3. Plant-Based Proteins are Sustainable

We’ve all heard about the horrors of the dairy industry. Not only is it abusive towards animals, it’s also massively unsustainable. The fertilizers, pesticides, and other chemicals used in the process are frequently dumped in the water or released into the air with no thought given to the environmental toll. Cows also produce massive quantities of methane, a greenhouse gas that contributes to rapid climate change. Thousands of acres of forests have been cut down to make room for more dairy cow farms. The dairy industry might be profitable, but it’s not sustainable forever–and it’s only a matter of time before we reach the tipping point.

Sustainably-made products tend to be more expensive because they don’t offer the same quick turnaround times and high levels of profit. But they’re also much better for the environment. For example, split peas require much smaller amounts of land, water, and other resources than dairy cows. You might have to pay a little more for your vegan protein supplement, but you’re investing in a product that replenishes the environment instead of taking from it.

4. Vegan Protein Powders are New(er) to the Market

While plant-based powders aren’t unheard of, dairy-based products are simply much more ubiquitous. The health benefits of whey were discovered thousands of years ago, and while protein powder has existed for a much shorter amount of time, whey is the industry standard in bodybuilding protein powders. The market is saturated with hundreds of different brands–if you did a Google search for “whey based protein powder,” it would take hours to find them all. As a result, dairy-based proteins are typically cheaper and easily available in most major retailers.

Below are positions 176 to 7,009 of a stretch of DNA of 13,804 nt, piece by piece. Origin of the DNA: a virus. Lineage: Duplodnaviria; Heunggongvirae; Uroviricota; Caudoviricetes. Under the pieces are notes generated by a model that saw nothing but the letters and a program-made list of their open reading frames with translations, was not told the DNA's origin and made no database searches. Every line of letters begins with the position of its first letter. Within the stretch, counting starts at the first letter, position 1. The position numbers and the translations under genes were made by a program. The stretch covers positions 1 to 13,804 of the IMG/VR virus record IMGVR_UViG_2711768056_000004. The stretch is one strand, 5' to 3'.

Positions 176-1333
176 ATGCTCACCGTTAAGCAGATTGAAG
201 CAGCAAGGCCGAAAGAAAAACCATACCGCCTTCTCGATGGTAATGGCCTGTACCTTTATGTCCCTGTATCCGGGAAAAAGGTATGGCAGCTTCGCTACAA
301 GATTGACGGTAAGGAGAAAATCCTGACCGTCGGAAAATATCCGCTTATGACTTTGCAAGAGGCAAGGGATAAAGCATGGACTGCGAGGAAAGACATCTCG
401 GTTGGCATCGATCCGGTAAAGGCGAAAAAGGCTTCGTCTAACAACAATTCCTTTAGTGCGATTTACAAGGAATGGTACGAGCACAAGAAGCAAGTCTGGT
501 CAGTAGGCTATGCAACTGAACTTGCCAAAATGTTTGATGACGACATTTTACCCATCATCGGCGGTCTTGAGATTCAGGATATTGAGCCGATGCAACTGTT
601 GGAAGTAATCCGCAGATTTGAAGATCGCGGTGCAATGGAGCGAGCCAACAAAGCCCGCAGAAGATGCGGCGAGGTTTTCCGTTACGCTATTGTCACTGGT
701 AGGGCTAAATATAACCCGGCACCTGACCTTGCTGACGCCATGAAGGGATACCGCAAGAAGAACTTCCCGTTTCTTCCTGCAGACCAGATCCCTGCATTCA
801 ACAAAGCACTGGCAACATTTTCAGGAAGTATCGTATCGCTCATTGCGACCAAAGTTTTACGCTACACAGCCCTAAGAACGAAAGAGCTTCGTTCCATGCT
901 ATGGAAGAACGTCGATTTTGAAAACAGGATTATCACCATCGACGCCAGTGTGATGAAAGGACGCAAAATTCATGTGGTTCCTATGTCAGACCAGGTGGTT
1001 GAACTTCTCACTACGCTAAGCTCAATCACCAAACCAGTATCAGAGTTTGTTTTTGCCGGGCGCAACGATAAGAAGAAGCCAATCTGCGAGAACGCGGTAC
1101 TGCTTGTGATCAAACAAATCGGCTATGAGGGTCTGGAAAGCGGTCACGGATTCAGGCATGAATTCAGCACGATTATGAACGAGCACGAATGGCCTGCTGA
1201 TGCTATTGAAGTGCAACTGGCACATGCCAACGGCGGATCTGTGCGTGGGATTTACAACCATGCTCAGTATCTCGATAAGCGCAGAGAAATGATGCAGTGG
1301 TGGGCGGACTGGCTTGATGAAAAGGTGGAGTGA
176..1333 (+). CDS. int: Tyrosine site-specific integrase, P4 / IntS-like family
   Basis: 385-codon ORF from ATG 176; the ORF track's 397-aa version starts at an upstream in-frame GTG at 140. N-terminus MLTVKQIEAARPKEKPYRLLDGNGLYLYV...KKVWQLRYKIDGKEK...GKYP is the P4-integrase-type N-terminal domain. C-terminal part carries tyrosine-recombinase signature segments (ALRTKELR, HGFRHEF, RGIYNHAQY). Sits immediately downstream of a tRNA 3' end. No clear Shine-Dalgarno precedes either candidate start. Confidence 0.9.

Plant-based powders aren’t impossible to find, but even with the current veganism boom, there’s still a much smaller demand for pea or brown rice protein. There are fewer brands on the market, and plant-based powders aren’t as readily available in stores and gyms as their milk-based counterparts. In fact, many people end up buying plant-based powders online because they can’t find them in any major retailers. Until the demand for vegan protein skyrockets, vegan protein will always be more expensive because it’s a more “exclusive” item.

5. Plant-Based Protein is Less Specialized

When you buy whey-based power, you know it comes from a single source. The process of making whey-based powder has been perfected and streamlined over the years, making it relatively quick and inexpensive to produce. However, there’s no one “official” source for vegan protein powder. Countless brands have tried different combinations of ingredients, with various levels of success. Some brands are made from split peas, while others are made from brown rice. Others are made from soy. Some brands use a single ingredient as the base, while others cram their powder full of flowers, herbs, and seeds for maximum health benefits. In other words, there’s no single streamlined way to make a vegan protein supplement. As a result, the ingredients can be harder to find and more expensive to produce.

6. Vegan Protein Powder Often Requires Extra Nutrients

Currently, there’s no vegan product on the market that’s quite as nutrient-rich as whey-based protein. To compensate for this loss, many brands infuse their powders with added vitamins and nutrients, as well as superfoods like ground-up seeds. You’ll get all the nutrients you need–and more!–in your morning protein shake, but you might need to pay a little extra to get there.